It’s true, folks: Last week, McDonald’s the world’s biggest fast food chain with 34,000 restaurants in 118 countries announced plans to offer healthier food. In its 20 biggest markets worldwide (reaching some 40 million customers) McDonald’s will slash sugary sodas from its Happy Meals menus and promote milk, juice and water instead. In lieu of French fries in adult combo meals, it will offer fruit and vegetable sides like carrots, corn, pineapple, and kiwi.
The fast food titan also plans to change the way it advertises food to kids, which is now dominated by movie promos, to include a “fun nutrition or children’s well-being” message. It will also design packaging for “healthy” bites to be more appealing to kids carrot sticks in a fiesta-colored baggie, for instance.
This is all part of an effort to help fight childhood obesity in America, said McDonald’s CEO Don Thompson at the Clinton Global Initiative last Thursday. It’s also part of the food chain’s much broader global campaign to become greener and healthier.
But how green and healthy can McDonald’s with its colossal caloric impact and monstrous carbon footprint really go? This is a company, after all, that sells more than 75 hamburgers every second, and has a global annual energy bill topping $2 billion. And from a health standpoint, adding a few carrot sticks to a meal that is otherwise comprised of salt, sugar, and fat doesn’t exactly make it low-cal or nutritious.
Marc Gunther, of Fortune points out that while McDonald’s has “glaring flaws” when it comes to sustainability, the company can also have a massive impact, especially when influencing its suppliers: “Small and mid-sized companies create sustainability solutions, as a rule, but the impact comes when big global corporations embrace them. Size matters.”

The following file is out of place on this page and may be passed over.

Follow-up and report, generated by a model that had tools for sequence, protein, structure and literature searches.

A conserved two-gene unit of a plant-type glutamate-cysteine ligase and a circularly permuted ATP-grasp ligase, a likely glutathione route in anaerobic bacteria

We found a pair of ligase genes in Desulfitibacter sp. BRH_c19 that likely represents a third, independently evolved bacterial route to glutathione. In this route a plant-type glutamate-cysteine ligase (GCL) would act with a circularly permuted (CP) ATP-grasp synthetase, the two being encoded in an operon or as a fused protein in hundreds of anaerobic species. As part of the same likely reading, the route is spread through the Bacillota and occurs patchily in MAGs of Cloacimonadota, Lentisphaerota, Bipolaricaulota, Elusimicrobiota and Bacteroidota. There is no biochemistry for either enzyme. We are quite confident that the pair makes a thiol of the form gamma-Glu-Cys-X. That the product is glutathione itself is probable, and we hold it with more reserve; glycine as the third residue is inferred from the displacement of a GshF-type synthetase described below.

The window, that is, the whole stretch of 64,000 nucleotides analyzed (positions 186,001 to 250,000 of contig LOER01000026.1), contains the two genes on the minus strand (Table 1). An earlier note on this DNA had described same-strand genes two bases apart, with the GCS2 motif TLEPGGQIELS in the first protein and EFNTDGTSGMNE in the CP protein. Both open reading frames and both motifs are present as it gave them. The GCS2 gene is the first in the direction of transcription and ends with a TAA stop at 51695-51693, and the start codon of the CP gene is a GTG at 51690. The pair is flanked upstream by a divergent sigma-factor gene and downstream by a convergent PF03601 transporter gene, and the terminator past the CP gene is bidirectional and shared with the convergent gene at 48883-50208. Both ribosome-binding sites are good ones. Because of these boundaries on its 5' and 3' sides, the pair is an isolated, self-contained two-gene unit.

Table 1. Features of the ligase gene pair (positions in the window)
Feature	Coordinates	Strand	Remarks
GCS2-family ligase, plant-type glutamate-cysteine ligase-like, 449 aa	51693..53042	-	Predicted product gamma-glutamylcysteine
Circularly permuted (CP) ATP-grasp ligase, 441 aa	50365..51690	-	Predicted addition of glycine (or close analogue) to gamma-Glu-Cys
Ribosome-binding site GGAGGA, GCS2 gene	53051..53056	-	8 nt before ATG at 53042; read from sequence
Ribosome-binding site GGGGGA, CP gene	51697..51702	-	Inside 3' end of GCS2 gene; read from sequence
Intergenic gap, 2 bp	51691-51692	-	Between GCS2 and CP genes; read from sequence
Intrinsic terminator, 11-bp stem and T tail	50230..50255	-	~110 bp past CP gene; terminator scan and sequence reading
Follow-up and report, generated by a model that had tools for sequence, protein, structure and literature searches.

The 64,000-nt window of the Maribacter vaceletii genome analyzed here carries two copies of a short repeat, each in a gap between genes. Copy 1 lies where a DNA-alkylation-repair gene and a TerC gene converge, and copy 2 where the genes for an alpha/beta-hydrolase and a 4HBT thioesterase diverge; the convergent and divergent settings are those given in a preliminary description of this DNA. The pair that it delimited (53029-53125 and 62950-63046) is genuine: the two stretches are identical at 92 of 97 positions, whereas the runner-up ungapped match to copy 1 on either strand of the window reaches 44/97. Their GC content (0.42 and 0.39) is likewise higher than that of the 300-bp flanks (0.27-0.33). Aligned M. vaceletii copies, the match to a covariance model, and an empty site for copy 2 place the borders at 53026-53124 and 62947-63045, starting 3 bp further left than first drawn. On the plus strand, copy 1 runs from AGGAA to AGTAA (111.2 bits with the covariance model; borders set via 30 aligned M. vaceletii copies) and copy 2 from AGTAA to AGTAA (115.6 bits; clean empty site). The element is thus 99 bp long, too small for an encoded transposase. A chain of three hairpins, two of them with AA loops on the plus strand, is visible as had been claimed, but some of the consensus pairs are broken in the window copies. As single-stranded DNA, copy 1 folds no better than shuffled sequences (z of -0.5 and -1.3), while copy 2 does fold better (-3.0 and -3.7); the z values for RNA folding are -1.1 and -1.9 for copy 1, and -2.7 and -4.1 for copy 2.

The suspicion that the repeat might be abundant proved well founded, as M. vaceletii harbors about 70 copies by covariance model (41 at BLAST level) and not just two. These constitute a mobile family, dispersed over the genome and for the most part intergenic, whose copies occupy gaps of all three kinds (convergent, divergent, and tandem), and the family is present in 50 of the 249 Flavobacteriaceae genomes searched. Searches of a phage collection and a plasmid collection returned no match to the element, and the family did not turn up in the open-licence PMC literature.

Overall, the scope of Mickey D’s environmental initiatives is impressive or at least a good start. Beyond its more-veggies-less-soda program, McDonald’s is now sourcing fair trade espresso beans for its coffee drinks (thus the little green frog seal of approval from the Rainforest Alliance on the pumpkin latte). And what’s that gracing the packaging of Fish McBites and Filet-O-Fish? A blue eco-label from the Marine Stewardship Council certifying that the pollock comes from sustainable fisheries. McDonald’s also announced last week that it will swap out styrofoam coffee cups for paper cups in all its 14,000 US locations. And it’s working to ratchet down its energy use with LED lighting at stores and other efficiency measures.
There are two other promises McDonald’s has made that could have more positive impact than any others: It plans to pressure its suppliers to reduce the amount of toxic pesticides it uses to grow potatoes for McDonald’s fries (a big deal since the food chain buys 3.4 billion pounds of U.S. potatoes a year). It also plans to take a big bite out of carbon emissions that come from raising the beef in its hamburgers. (A UN report found that raising animals, particularly cows, generates almost a fifth of greenhouse gases globally.)
Whether they deliver on these promises remains to be seen, but they’re certainly talking a big game. And if they do deliver, the results could be pivotal. Let’s be clear, though: it’s not do-gooder instinct that’s pushing McDonalds in this direction. It’s the customers themselves. Last year, McDonalds saw its first dip in monthly sales in nearly a decade, and things have been iffy ever since. The titan is losing market share to booming newcomers like Chipotle and Panera, which have put a lot of emphasis on selling food that’s “healthy” and “fresh” and environmentally conscious, and customers are gobbling it up.
“What is it that customers will choose, and what will they eat?” Thompson asked his audience at the Clinton Global Initiative. “What we don’t want to do is just put something on the menu and say, hey, we did it. We really want consumption.”
What that means is: The ball is in our court, folks. By no means are we encouraging you to eat McDonald’s, but if you do, buy the healthiest options available and you’ll be pushing a positive shift.